You’ve got to give it to Erik Seidel. He’d just been knocked out of a $100,000 buy-in tournament pretty close to the money by his All Time Money list rival Daniel Negreanu and still agreed to do a TV exit interview.
Floor producer Erik Janssen ushered Seidel to one side, the height of the towering American forcing Janssen’s pocket-sized cameraman to clamber onto a chair to achieve a vertical parity, and the usual post exit questions began. How had Seidel’s tournament day gone?
“It was a tough day but I really enjoyed playing with these guys. It’s really fun to watch these young kids. It wasn’t a good day cardwise,” said Seidel, looking particularly unfazed by the concept that he’d just lost $100,000.
Another stock question was asked to which Seidel replied: “You always have to make adjustments because every table is different.”
Janssen took a new angle, “Was there any animosity there with any of the players?” he asked. “We noticed that between you and Negreanu there was some head to head battling. Tell us about it.”
“I don’t think there was any particular animosity between us. I didn’t get involved with Daniel until the last hand,” said the high roller, looking more than a little confused, “He had two queens on the button and I had ace-jack in the small blind. The hand plays itself when you had the chips I had.”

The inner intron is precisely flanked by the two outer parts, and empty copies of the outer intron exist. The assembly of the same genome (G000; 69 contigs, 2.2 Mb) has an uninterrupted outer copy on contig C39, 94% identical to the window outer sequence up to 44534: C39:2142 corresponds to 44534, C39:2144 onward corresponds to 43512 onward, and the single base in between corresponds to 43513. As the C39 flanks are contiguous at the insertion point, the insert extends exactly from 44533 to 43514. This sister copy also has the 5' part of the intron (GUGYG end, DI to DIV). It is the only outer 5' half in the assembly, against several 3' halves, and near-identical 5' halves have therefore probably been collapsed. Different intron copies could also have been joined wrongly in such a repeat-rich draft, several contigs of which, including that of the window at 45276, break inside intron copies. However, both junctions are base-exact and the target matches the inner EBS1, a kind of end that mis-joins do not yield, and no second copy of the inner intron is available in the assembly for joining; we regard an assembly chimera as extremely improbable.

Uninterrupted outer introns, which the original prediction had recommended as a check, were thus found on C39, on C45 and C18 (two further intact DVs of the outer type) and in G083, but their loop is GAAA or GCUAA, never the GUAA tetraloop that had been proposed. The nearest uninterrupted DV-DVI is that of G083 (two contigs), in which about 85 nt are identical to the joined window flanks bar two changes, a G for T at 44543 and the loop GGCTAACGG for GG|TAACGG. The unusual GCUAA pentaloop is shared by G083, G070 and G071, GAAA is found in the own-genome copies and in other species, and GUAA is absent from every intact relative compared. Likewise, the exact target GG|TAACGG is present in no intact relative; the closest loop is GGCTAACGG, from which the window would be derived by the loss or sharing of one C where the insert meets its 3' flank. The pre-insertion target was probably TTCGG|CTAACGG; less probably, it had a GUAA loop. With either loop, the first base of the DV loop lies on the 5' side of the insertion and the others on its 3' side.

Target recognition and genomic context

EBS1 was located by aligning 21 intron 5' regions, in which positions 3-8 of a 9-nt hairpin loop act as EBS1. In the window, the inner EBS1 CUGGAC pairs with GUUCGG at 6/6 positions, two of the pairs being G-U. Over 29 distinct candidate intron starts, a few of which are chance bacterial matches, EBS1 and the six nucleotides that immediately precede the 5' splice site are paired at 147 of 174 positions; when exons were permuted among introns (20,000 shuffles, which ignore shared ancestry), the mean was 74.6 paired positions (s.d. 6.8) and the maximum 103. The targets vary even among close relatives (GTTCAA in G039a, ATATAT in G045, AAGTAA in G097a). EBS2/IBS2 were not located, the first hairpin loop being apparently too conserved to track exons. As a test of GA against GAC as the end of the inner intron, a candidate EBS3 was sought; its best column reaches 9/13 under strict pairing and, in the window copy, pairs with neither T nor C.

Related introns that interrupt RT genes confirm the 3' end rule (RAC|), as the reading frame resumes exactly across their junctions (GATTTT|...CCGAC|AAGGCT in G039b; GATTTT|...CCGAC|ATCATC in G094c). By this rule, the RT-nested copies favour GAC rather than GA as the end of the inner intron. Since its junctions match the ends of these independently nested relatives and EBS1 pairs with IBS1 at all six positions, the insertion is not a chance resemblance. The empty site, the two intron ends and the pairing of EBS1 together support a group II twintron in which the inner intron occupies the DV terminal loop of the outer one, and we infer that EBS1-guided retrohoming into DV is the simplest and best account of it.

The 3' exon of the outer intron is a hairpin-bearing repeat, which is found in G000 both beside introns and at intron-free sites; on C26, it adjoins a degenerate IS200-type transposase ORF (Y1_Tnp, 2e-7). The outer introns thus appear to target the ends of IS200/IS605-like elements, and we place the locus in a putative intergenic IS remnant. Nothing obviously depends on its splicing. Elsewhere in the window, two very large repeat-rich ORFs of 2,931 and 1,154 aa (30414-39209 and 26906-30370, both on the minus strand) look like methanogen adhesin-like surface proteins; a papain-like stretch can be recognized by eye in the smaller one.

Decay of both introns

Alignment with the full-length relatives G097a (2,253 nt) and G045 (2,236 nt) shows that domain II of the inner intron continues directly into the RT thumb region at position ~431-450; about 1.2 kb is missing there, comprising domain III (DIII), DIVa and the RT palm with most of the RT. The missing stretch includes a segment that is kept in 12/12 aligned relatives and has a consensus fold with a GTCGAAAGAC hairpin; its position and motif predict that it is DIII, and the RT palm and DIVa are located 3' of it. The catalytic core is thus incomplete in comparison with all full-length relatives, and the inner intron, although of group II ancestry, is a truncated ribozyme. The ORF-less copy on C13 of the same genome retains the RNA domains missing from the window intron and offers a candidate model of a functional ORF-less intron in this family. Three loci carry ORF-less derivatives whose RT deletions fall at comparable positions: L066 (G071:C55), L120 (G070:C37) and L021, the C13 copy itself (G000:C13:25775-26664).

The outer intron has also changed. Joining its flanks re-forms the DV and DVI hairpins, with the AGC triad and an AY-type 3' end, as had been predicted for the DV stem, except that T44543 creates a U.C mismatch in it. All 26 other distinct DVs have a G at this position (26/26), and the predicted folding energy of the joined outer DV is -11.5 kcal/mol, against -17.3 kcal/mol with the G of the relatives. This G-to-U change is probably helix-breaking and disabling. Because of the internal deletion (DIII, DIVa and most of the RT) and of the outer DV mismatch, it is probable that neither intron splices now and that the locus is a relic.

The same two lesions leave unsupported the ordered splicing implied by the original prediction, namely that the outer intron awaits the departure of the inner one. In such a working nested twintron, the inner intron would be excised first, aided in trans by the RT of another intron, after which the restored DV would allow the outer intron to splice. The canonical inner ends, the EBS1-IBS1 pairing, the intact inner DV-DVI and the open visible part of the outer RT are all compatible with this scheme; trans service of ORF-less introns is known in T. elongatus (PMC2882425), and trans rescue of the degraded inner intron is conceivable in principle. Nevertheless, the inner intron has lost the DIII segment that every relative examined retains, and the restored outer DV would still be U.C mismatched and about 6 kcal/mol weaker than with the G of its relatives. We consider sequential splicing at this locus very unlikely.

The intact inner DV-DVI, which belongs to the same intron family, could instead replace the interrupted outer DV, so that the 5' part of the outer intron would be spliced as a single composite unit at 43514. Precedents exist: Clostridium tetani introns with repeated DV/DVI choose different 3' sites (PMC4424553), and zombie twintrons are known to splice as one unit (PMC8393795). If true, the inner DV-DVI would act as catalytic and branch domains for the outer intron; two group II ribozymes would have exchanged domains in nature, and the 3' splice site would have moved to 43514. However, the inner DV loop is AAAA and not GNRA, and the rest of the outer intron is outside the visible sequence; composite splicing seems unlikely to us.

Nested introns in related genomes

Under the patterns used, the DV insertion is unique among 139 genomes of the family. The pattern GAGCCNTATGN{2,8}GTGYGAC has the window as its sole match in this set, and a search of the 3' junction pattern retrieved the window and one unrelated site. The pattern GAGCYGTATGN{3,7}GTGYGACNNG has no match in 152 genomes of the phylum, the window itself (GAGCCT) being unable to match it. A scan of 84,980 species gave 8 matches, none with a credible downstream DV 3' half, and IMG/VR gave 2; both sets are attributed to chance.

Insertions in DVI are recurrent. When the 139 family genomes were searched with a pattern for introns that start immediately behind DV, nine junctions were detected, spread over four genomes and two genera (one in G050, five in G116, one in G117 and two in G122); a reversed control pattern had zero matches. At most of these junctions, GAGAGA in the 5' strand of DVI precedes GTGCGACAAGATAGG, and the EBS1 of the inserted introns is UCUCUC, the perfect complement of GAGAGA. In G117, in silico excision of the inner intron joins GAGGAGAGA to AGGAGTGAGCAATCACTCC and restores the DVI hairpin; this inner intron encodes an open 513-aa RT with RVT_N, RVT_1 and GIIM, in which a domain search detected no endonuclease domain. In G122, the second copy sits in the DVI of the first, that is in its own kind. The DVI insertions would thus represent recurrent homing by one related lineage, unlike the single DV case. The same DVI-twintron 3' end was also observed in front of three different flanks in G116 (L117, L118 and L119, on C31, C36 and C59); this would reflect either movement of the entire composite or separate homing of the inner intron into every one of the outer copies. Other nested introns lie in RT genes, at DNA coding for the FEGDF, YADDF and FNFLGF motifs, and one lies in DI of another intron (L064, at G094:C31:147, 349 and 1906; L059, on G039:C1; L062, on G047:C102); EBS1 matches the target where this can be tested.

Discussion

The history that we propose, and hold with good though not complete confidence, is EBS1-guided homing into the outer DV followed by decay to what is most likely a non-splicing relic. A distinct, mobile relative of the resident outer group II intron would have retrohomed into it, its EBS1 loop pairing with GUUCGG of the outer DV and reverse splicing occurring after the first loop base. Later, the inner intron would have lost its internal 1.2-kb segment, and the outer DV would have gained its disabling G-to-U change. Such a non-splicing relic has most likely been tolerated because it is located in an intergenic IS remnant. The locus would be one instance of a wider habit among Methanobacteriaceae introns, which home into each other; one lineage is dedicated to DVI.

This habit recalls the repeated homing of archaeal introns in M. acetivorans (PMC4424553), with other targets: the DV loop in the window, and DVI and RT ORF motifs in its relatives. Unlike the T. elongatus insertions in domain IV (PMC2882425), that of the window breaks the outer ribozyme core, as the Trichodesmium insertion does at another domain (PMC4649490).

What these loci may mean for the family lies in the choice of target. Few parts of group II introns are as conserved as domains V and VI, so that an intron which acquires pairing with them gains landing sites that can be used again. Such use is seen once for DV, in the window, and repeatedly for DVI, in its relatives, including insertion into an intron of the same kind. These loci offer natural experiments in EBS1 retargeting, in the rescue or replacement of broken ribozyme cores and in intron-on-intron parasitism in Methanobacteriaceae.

Indeed the hand was a standard one with no fireworks or major fretting. Negreanu had opened to 22,000 from the button with Q♣Q♦, Seidel had three-bet shoved for 234,000 from the small blind with A♠J♥ and Negreanu had made a quick call. The board ran out K♣3♣6♣7♣Q♠ to knock out Seidel and boost Negreanu’s attempt to take back the top spot of the All Time Money list.
The interview ended shortly after and as Seidel sidled away I asked what all those animosity questions were about. We hadn’t seen any beef develop between the pair.
“I was getting told to ask about the handshake,” said Janssen, pointing a finger towards his headset.
Seidel had offered a hand directly after his exit, so we’ve been told, which Negreanu did not deign to shake. A TV director sort had spotted this and had understandably believed that Negreanu had taken affront of something that Seidel had done. Bad read. Fellow PokerStars Blogger Brad Willis, showing a flash of eidetic memory that hours of post-chip count relaxing should have wiped, recalled an interview with Kid Poker from 2007 where the Canadian said that he didn’t like shaking hands because of germs. Elementary, my dear Janssen.
There’s a poker lesson to be had here: the obvious conclusion doesn’t necessarily make it the correct one. And clean your hands while you’re at it.